One disadvantage of Wikipedia books is that the articles in Wikipedia are by different authors and have no implicit ordering, so concepts cannot be developed in a gradual manner.  Individual articles are written at very different levels of sophistication, and some articles will have only a few sections that are relevant to the course.  The book would not be as smooth as a well-written textbook, but better than many of the poorly written ones on the market. I believe that we can add some manually created text (part of the book, but not part of Wikipedia) to introduce chapters, but I’m not exactly sure how (probably it involves including pages that are part of Wikipedia user space rather than public space).

Note: Wikipedia books are different from WikiBooks, which are from a project to create crowd-sourced free textbooks.  The electronics books currently available from WikiBooks are very incomplete and not as well written as Wikipedia articles, so I don’t think that they will be useful this year.

I started playing a bit with Wikipedia’s “Book Creator” and found it to be a very awkward interface.  Clicking on pages to add them to the book being created worked ok, but dragging the pages around to reorder them did not and the claimed button for adding chapters never appeared.  Furthermore, once you save a draft book, the book creator assumes you want to start a new one, so clicking on pages can’t add to an existing draft.  It seems that the book creator is damn near useless after the first 5 minutes, and after that you just have to edit the book like any other Wikipedia page.

2012 August 31

All about circuits, a possible supplemental text

Filed under: Circuits course — gasstationwithoutpumps @ 22:54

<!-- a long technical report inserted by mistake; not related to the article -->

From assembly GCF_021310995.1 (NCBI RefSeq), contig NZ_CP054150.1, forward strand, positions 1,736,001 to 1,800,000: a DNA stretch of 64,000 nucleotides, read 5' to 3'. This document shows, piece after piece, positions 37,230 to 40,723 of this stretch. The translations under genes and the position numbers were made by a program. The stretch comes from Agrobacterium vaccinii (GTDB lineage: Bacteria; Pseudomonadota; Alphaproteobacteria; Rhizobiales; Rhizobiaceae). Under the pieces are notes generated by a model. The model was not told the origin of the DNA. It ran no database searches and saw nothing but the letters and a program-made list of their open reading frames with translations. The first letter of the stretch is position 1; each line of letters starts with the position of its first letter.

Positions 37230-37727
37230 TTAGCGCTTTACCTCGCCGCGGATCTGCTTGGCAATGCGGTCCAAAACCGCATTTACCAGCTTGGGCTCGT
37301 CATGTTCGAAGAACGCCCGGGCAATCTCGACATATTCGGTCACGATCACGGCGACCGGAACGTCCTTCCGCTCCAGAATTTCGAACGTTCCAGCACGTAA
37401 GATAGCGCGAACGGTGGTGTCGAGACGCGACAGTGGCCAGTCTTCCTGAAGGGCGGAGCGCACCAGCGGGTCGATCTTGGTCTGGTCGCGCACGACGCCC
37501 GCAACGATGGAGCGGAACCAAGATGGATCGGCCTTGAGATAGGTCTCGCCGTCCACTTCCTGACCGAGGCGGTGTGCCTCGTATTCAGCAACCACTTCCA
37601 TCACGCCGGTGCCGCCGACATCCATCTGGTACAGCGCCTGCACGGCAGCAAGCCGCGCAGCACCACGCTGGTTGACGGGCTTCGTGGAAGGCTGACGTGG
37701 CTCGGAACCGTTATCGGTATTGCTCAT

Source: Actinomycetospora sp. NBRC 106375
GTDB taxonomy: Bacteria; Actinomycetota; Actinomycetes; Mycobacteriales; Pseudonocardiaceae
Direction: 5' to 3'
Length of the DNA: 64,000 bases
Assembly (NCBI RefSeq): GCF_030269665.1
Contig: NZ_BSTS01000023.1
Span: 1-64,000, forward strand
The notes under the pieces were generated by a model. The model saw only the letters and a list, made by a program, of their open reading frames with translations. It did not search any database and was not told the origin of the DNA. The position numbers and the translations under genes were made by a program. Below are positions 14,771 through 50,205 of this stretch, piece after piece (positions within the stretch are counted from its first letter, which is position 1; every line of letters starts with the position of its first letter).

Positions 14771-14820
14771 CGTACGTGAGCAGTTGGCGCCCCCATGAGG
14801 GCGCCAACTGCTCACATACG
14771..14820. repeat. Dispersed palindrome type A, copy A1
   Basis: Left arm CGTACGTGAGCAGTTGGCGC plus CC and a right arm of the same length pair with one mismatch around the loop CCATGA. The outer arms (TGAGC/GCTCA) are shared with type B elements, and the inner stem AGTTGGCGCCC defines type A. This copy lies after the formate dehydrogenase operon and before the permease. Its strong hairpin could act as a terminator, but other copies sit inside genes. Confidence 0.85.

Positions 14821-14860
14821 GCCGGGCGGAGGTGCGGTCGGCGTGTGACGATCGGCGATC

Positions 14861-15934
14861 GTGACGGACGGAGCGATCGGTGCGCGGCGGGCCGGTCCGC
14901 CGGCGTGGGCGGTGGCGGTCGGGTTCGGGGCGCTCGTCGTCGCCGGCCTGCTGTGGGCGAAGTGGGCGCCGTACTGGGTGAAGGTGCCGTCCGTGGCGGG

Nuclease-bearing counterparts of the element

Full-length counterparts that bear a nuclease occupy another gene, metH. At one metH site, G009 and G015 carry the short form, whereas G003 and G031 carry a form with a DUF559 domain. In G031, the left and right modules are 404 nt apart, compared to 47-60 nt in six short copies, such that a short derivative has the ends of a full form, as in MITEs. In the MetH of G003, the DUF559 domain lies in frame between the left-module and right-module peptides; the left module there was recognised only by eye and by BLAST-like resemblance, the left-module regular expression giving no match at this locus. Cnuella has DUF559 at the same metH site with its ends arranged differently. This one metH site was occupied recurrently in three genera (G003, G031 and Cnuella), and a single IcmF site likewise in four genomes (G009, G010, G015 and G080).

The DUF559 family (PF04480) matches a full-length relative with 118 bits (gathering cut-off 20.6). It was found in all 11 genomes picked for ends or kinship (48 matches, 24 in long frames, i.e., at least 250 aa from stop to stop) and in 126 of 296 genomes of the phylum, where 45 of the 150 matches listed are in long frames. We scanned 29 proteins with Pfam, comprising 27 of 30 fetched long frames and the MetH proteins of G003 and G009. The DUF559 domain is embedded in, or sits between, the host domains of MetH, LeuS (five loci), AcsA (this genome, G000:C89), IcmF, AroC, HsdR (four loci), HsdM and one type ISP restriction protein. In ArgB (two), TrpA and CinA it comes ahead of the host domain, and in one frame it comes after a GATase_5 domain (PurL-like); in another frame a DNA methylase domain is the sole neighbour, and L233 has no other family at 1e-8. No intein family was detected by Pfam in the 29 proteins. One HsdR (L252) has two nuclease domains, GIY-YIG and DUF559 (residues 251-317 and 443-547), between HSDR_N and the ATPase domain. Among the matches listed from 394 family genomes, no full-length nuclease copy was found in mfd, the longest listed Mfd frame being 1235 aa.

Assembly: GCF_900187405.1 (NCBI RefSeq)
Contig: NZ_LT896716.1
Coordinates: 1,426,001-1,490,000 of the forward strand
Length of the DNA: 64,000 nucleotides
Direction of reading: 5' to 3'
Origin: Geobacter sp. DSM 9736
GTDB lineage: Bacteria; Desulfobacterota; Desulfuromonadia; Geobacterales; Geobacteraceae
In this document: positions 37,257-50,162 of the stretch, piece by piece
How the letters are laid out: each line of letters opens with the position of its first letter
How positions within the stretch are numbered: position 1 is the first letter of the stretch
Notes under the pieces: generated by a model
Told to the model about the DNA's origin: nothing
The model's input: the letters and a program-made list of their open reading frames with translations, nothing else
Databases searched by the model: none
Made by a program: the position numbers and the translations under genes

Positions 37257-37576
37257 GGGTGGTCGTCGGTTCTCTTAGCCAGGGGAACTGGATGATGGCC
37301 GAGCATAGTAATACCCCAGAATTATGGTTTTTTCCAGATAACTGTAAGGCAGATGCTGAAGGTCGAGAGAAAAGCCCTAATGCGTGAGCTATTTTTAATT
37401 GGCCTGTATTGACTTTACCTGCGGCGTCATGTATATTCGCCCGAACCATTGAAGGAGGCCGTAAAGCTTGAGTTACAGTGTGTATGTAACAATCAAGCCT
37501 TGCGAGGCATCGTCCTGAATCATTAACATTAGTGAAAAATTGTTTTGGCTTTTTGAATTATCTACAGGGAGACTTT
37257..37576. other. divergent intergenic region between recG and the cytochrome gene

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I’ve been dipping into All about circuits, a free electronic textbook written (mostly) by Tony R. Kuphaldt, as a possible textbook for the circuits class.  I like that it is free, as that makes it much more likely that students will have ready access to it (many decide not to buy expensive texts, and end up trying to borrow them from friends).

The format, as 100s of HTML files, is a bit awkward to read, but fairly easy to search with Google (by adding “site:allaboutcircuits.com” to the keywords ins the search box), so indexing is not really an issue.  The book starts at about a middle-school level, but gets up to the beginnings of circuit theory (Thevenin’s TheoremRC and L/R time constants, Reactance and impedance—R, L, and C, …).  The Operational amplifier chapter looks usable, though it does not have a design focus—circuits are presented as almost magical rather than carefully analyzed from first principles (as is done in more theoretical circuits books) or from design rules of thumb (as is done in books like Horowitz and Hill).

I think that All about Circuits can be a good supplemental text for students who need something at a lower reading and math level than Horowitz and Hill, for review of physics electricity and magnetism concepts, and to fill in gaps in prior education (such as complex numbers).

I don’t know that I want to use Horowitz and Hill as the main text, though, as it is pretty expensive for such an old electronics book. I wonder if there is another free book that is somewhat higher level than All about Circuits that can be combined with it to make a textbook at the right level for the range of students expected in the class.

I think we may need a more mathematical presentation of some of the material, if the students are to be able to continue into later electronics classes. This may not matter, because the chair of the EE department has made it pretty clear that no subsequent electronics course would use this course as a prerequisite, and that students would have to take the “real” circuits course in order to take any further electronics courses.  Of course, if he holds to that for the bioelectronics class, then he’ll have almost no students in that class, since few if any of the bioengineers will subject themselves to the dry, repetitive linear algebra manipulations of the standard circuits class in order to take a bioelectronics class that doesn’t even include a lab component.  If we get to teach our applied circuits course, we should be able to convince the professor creating the bioelectronics course to accept it as a prereq in place of the standard circuits course.